On February 4, 2020, the United Kingdom’s Centre for Data Ethics and Innovation (“DEI”) published its final report on “online targeting” (the “Report”), examining practices used to monitor a person’s online behaviour and subsequently customize their experience. In October 2018, the UK government appointed the DEI, an expert committee that advises the UK government on how to maximize the benefits of new technologies, to explore how data is used in shaping peoples’ online experiences. The Report sets out its findings and recommendations.
The Report describes common online targeting practices, and examines whether and how the regulatory landscape needs to change to address potential harms associated with online targeting, while recognizing that such targeting can be beneficial. Ultimately, the DEI does not propose imposing specific restrictions on online targeting, but states that an independent regulator should be appointed to focus on improving (i) accountability, (ii) transparency, and (iii) user empowerment as it relates to online targeting practices. In these areas, the Report highlights that companies are falling short of the standards for the ethical use of technology set out in the OECD’s human-centred principles on AI (to which the UK has subscribed).
More generally, the DEI considers that the regulator of “online harms” in the UK (the “Regulator”) should supervise online targeting. Although the Report acknowledges that the UK Information Commissioner’s Office (“ICO”) and Competition and Markets Authority (“CMA”) have played a role in supervising online targeting to date, it notes that their respective areas of competence (data protection and competition law respectively) may not be sufficient to address all possible harms arising from online targeting. A regulator with a broader remit is required, although the Report emphasizes that the Regulator should collaborate with other regulators through formal coordination mechanisms.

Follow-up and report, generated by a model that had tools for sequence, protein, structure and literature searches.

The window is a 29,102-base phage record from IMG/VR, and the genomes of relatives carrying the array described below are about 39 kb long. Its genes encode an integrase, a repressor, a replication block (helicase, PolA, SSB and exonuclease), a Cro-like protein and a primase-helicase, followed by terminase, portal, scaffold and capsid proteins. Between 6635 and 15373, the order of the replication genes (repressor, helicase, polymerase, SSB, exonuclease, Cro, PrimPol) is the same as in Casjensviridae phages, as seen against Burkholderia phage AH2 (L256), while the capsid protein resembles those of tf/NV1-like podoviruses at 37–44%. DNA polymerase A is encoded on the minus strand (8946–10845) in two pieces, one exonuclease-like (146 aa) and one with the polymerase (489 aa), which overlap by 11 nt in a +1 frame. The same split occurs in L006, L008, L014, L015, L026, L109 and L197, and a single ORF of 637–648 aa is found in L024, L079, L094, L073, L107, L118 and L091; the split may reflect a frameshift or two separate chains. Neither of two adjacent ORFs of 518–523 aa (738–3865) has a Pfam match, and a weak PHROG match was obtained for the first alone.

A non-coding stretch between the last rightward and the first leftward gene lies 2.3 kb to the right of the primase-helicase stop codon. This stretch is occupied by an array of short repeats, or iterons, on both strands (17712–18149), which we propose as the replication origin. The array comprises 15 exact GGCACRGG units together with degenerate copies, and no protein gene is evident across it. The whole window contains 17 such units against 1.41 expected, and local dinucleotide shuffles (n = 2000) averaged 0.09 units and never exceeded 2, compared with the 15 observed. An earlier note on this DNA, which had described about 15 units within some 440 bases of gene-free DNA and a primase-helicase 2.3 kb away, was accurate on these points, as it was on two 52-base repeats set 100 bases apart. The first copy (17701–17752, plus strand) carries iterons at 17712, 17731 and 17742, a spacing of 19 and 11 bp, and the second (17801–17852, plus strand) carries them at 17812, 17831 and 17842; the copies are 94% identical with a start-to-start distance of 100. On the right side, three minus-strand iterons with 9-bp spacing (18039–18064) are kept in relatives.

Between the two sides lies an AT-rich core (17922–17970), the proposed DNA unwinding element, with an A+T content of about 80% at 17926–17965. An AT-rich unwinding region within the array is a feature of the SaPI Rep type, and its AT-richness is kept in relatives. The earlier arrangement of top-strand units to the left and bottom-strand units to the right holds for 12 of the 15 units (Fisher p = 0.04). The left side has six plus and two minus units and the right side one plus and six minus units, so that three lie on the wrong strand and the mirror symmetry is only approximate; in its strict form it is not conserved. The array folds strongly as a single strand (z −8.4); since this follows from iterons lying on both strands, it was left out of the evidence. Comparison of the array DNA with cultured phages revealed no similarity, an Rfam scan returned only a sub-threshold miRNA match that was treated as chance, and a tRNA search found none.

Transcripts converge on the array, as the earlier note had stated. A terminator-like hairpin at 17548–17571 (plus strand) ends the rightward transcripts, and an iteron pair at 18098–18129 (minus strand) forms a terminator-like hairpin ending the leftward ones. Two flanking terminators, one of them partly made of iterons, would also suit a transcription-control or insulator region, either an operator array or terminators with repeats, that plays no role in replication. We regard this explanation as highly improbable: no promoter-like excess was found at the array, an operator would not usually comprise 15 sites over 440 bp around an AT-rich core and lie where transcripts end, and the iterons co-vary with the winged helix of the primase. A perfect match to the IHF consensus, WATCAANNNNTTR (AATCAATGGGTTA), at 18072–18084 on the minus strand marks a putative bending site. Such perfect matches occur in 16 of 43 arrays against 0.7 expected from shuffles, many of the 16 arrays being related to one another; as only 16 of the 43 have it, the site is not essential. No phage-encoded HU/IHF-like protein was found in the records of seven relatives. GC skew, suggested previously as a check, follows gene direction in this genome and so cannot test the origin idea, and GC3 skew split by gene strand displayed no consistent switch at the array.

The Report concludes by making recommendations in three principal areas:
- The Regulator should focus on online targeting systems and should prepare a code of practice incorporating standards for those systems, and require online platforms to assess and explain the impact of their systems.
- The Regulator should have the power to compel the production of information from companies.
- Oversight of online targeting should cover all types of content (including, but not limited to, advertising), and the Regulator should have a duty to protect freedom of expression and privacy.
- UK government should develop a code on online targeting in the public sector to promote “safe, trustworthy innovation in the delivery of personalised advice and support”.
- The Regulator should be able to force companies to give independent experts access to their data to audit systems, and to conduct research with potential significance for public policy.
- Platforms should be required to host publicly-accessible archives of online political ads, “opportunity” ads (e.g., ads for jobs, credit and housing), and ads for age-restricted products.
- UK government should consider formal mechanisms for collaboration with platforms to tackle “coordinated inauthentic behaviour”.
- The Regulator’s approach should encourage platforms to provide people with greater information and control over online targeting. The DEI supports the CMA’s proposal for a duty of “fairness by design” on online platforms (which complements the duty of “data protection by design” under Art. 25 GDPR).
- The Regulator and other authorities should increase coordination of their digital literacy campaigns.
- The DEI supports the UK government’s plans for to ensure online electoral adverts are labelled to identify paid-for and targeted content (which will be complemented by the ICO’s forthcoming code of practice on the use of personal data in political campaigning).
- The Report also supports assistance for emerging “data intermediaries” (i.e., entities mandated by users to interact with digital services, providing centralized consent management and authentication services, possibly with fiduciary duties).
It remains to be seen whether the UK government will implement these recommendations — they may form part of the final online harms package when it is completed. The team at Covington will continue to monitor developments in this area.